I’m new to video editing, but starting to have fun with it. The learning never stops!
I recently got my first macro lens, and it’s very cool to see things so much larger than life. IRL this head is about 1 inch wide.
This is the gum color ☂️ I keep my paints in little bottles with a glass bead inside for easy mixing when the paint separates. ?
This is my favorite part! The details are always the most satisfying. Each tooth is about an eighth of an inch wide.
Painting blacklight puppets at the Center for Puppetry Arts. Their new production, Harold and the Purple Crayon, is based on a book by Crockett Johnson, adaptation by John Ludwig. Puppets designed by Jason Hines.
Brushing a darker tone into the details and rubbing away the excess ?
I save my old T-shirt’s to cut up and reuse as paint rags. Paper towels rip and leave annoying fibers behind, but old T-shirt’s don’t.
Just finished casting all the core forms for this double cast toy. Colorways will be pink and purple, with lots of sparkles. Stay tuned!
Sneak peek of what I’m working on at the Center for Puppetry Arts. Sculpted in monster clay, molded in plaster, cast in neoprene.
Pouring the second half of a mold. I mix the silicone twice, transferring it into a clean cup to get a thorough mix. Not pictured, I use a vacuum chamber to pull air out of the silicone before pouring. I’ll be pressure casting later, so this step is important. Casting under pressure crushes trapped air, forcing resin into tiny details, allowing clear resin to cure bubble free. If any bubbles are left in the mold, pressure casting will cause it to deform wherever there are voids. Science magic!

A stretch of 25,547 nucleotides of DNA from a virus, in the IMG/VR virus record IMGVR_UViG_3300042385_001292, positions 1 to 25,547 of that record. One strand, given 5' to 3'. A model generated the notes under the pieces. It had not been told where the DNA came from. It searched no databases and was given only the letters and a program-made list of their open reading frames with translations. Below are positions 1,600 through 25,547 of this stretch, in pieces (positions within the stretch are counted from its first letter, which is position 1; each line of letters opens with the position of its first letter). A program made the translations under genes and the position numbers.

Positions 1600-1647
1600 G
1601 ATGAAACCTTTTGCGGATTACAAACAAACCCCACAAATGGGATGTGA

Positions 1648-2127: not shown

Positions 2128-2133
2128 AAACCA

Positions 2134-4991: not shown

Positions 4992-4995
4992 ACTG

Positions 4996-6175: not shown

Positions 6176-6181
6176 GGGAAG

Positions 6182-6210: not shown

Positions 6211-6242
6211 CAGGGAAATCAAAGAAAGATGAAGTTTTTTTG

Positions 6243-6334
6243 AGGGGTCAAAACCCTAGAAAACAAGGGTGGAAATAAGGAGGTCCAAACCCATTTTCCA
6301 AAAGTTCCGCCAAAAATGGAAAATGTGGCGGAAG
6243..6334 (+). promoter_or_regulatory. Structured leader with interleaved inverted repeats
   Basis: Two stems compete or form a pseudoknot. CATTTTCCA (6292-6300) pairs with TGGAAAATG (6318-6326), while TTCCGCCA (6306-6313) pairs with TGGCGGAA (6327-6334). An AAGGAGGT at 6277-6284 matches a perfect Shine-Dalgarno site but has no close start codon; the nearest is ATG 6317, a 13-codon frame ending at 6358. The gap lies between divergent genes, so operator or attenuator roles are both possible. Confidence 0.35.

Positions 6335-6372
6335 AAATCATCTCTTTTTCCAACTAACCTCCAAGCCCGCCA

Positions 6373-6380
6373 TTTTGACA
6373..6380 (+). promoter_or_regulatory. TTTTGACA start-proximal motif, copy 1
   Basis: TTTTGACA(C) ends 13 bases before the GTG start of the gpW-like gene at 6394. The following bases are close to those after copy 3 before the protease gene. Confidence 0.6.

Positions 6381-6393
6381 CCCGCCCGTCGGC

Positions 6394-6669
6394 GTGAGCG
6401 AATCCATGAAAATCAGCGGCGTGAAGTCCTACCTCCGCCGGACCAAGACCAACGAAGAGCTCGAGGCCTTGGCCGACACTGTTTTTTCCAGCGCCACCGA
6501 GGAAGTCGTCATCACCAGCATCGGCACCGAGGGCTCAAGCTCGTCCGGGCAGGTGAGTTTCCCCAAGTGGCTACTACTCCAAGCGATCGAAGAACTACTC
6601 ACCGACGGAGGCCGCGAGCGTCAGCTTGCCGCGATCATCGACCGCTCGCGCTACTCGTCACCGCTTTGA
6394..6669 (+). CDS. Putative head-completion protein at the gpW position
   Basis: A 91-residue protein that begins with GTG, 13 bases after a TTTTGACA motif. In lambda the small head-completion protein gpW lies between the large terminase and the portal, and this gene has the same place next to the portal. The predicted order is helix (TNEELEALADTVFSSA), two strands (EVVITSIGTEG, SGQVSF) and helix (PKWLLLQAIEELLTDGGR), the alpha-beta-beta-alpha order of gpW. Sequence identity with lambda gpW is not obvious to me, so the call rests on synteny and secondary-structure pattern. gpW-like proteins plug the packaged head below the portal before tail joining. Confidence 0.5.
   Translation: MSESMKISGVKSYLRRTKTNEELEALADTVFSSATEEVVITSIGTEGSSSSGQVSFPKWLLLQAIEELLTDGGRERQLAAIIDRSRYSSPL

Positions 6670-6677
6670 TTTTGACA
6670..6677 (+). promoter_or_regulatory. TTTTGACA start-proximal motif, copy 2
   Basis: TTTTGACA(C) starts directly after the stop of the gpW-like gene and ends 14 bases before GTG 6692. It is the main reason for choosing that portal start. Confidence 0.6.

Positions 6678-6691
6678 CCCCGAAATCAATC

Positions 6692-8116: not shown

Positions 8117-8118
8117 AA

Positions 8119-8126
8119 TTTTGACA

Adding subtle paint details: thin washes of gold, silver, red, purple, and blue. The new ghost chameleon pigment I’m using looks different depending on how the light hits it. It’s transparent, showing the most dramatic color shifts when layered over black. With just the chameleon paint, the details were hard to see, so I’m also adding lighter areas with tinted metallics to create greater depth.
Gold, green, blue, purple. ? I sculpted epoxy clay over a wood sphere using the tools in the last photo.
The planet itself is a premade wood sphere. I made a pattern for the ring system out of chip board, checking the size and fit against the sphere. After sculpting the rings out of clay, I made a mold and pressure cast translucent purple tinted resin with laser glitter. The cast is stretchy for the first few hours after casting, allowing me to fit it precisely on the planet. The planet was painted with a supershift chameleon pigment that looks different depending on how the light hits it.
I started with a 2D design by Jeremy Villines. I converted it into a 3d pattern in cardboard. We used the template to make a plexiglass mold and slush cast the tinted resin in layers. The plexiglass molds for the full crystals were built from 82 pieces! The exhibit is up all year at the Center for Puppetry Arts.
Painting silver/gold accents on this Stardust Dreamer. All those dreamy lumps and bumps. This step takes hours.